One might contrast Zinn's dissatisfaction with the treatment of minority people in the USA with the treatment that his own country, Israel, metes out to the Palestinians - now there is a story to be outraged about. Jews have a long history of being welcomed into a country only to be subsequently expelled due to their activism and contrivance against the native people.
If David Duke or Ron Paul or Edward Griffin wrote a book like Mr. Zinn's book about Ashkenazi Jews he would be attacked and vilified and slandered as an anti-semite. Well, Mr. Zinn is a Christi-Enmitist, a purveyor of Christi-Enmity not to mention an ungrateful wretch guilty of being that which we Americans despise more than anything on Earth - a rat. Mr. Zinn is a rat who assails his own people - - or, are we his own people? That is a question. Of course, because we are who we are, better than everyone else on Earth as a people, Mr. Zinn is free to be a rat and to profit from being a rat and to live like a rat king in the land of his enemies.
Relying upon uniquely American and Western European principles such as freedom, liberty, democracy, private property, a free press, competition, and , the solely Christian notion of the value of the individual human being, Mr. Zinn attacks and ridicules the White European Males who gave him, a member of a hounded group, the opportunity to live and to think and to write, freely. Mr. Zinn is a collectivist-socialist-communist-atheist (all failed precepts) who clearly hates the Anglo-Saxon people who gave him and his people safe harbor. (You are welcome, Jewish People.) I know that for every Jew like Mr. Zinn there are Jews like Seymour Hirsch and Israel Shahak, but Mr. Zinn is the guy who wrote this damnable book. It is reminescent of the Monty Python's "What have the Romans ever done for us sketch" in the Life of Brian (oddly enough, again, about Jews dissing another culture).
You know Mr. Zinn how about: food and food distribution (no one starves in the USA), electicity, telephones, airlines, automobiles, shelter/housing, protection from anti-semitism, freedom, liberty, flush toilets (Mencken said the American bathroom was our greatest gift to the world), the internet, free education, uncensored movies, books, speeches, thought, open immigration so refugees of repressive regimes can have the benefit of what WE (not you) created and so on. It could be much worse. You (if you were not fortunately dead) could be back on your birthright soil , your homeland, on the steppes of Russia dodging Kulaks and Cossacks and Huns and Mongols, like in the old days, or, maybe Putin's Army, if it was today.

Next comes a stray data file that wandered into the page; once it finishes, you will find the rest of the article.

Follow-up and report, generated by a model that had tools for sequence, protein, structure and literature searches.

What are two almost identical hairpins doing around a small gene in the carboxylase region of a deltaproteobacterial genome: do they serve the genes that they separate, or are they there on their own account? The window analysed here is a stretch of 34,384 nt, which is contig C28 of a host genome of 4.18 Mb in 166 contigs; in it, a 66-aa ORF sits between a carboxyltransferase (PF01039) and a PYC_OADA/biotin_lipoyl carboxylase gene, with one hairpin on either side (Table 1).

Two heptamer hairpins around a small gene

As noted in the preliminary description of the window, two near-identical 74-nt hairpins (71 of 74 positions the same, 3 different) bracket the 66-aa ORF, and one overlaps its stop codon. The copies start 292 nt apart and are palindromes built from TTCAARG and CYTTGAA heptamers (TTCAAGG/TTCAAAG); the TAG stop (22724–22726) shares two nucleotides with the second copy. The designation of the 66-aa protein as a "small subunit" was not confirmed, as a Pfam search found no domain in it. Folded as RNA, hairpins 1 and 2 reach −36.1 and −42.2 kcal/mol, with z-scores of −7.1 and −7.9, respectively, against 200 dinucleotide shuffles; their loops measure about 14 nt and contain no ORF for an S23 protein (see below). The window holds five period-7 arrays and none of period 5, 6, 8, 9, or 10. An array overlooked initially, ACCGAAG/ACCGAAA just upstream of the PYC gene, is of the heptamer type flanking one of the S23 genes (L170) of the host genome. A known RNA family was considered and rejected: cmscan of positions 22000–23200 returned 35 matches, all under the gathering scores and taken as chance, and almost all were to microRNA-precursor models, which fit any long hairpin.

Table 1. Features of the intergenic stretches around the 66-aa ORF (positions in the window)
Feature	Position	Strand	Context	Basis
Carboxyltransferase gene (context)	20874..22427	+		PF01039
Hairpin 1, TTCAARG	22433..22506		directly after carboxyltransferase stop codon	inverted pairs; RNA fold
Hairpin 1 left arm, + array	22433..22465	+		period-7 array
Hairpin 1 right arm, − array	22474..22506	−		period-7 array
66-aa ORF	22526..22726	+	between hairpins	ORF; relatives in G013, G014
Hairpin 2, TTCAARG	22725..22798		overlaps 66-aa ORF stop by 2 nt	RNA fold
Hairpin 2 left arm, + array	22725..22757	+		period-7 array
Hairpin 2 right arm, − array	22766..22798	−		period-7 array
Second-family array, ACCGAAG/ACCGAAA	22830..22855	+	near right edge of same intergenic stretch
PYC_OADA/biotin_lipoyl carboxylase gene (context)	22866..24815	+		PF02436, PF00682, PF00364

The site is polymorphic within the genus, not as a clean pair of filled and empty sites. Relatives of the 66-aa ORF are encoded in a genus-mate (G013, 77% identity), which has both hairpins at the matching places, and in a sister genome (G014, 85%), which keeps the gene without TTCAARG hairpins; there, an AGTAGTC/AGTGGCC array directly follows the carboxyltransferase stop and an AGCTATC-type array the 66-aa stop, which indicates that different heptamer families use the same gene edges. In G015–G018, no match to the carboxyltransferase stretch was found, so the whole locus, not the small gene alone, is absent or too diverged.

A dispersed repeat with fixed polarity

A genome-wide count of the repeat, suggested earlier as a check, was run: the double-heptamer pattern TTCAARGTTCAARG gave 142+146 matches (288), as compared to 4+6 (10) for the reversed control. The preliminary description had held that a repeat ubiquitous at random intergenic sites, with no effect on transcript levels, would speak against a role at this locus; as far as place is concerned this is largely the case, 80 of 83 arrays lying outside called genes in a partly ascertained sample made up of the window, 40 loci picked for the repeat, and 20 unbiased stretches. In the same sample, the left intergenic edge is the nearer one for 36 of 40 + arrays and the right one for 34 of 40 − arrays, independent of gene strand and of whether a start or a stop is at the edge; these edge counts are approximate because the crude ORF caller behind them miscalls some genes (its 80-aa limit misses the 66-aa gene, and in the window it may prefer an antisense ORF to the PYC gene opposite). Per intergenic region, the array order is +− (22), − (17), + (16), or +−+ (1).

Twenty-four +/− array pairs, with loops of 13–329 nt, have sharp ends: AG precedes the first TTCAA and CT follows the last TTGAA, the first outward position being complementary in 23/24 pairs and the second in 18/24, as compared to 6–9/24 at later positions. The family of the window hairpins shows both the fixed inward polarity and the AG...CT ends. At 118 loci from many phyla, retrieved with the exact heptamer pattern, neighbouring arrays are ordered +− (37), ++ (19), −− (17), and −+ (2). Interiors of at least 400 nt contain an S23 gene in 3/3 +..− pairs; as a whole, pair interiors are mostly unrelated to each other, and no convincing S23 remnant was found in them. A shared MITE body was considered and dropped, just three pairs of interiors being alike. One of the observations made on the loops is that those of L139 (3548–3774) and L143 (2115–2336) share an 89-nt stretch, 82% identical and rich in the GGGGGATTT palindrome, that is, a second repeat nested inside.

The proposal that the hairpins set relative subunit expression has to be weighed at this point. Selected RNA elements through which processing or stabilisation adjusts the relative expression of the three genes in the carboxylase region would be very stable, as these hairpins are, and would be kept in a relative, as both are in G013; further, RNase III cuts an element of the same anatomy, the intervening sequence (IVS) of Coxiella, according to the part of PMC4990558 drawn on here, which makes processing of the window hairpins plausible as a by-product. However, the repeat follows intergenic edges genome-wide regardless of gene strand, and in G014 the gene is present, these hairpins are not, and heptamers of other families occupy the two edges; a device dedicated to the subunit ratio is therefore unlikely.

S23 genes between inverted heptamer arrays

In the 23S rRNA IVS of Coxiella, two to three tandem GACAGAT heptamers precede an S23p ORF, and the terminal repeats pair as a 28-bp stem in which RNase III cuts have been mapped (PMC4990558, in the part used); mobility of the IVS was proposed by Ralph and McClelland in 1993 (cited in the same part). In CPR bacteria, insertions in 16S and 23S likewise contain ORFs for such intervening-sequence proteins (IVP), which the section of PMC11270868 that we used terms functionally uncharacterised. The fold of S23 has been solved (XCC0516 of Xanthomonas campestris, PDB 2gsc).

Throw out Voltaire, John Locke, Rene Descartes, Edmund Burke, Francis Bacon, Thomas Jefferson, Jean-Jacques Rousseau, Thomas Paine, Alexis de Tocqueville, John Jay, John Stuart Mill, Montesquieu and where do the "rights" of men exist and where are they actively implemented and enforced, other than in Christian-based White Wonderland. (Western Europe, America). It is not debatable. Millions prove the point daily as they walk , afraid and hungry, from Central America or Somalia or Syria just to be near the White Male Civilization Mr. Zinn so ardently detests and debases.
There is, of course, always more than one perspective to any historical event or period. Versions of the truth tend to evanesce as time passes. However, Mr. Zinn, doing what he criticizes White Christian Men of doing, selectively crafts his story including the good stuff and ignoring that which controverts his position. A single example is his writing about the Iroqouis nation of Native Americans. They, he gushes, were happy collectivists living in harmony with Earth and smilingly raising their children (did you know, they never hit their kiddies!) and generally whistled zippity-do-dah all the day long. Except that is not their whole story. For instance.
"Of all the North American Indian Tribes, the seventeenth-century Iroquois are the most renowned for their cruelty towards other human beings. Scholars know that they ruthlessly tortured war prisoners and that they were cannibals; in the Algonquin tongue the word Mohawk actually means flesh-eater ... ", Scheimann, David: 'Adoption or Entree", Ohio State University; See also, Stueck, Adam, "A Place Under Heaven: Amerindian Torture and Cultural Violence in Colonial New France,1609-1729, Marquette University, e-Publications@Marquette, Dissertations 2009, based upon contemporary French writers who informed that the Amerindians customarily tortured, burned, and ate their enemies as part of an endless cycle or revenge and retribution, or as simple blood lust".
Mr. Zinn's book is "popular" history meaning that it is not a work of scholarship and it contains ridiculous citations to movies, novels, and comedians, and Hollywood personalities and stars, and newspapers. It is the type of superficial book written for TV watchers, and video game players, and NY Times readers, people with short attention quotas addicted to bright lights and loud sounds, which proliferate in our society. Think Paul Krugman and Ann Coulter and Charles Krauthammer and Bill O'Reilly. "A People's History of the United States" bears more resemblance to L. Ron Hubbard's "Dianetics" and Wallace Fard Muhammad's "The Supreme Wisdom" and Joseph Smith's "Book of Mormon" than it does to works by Bruce Catton or Joseph J. Ellis or Edward Gibbon, Bernard DeVoto, or, Hugh Thomas.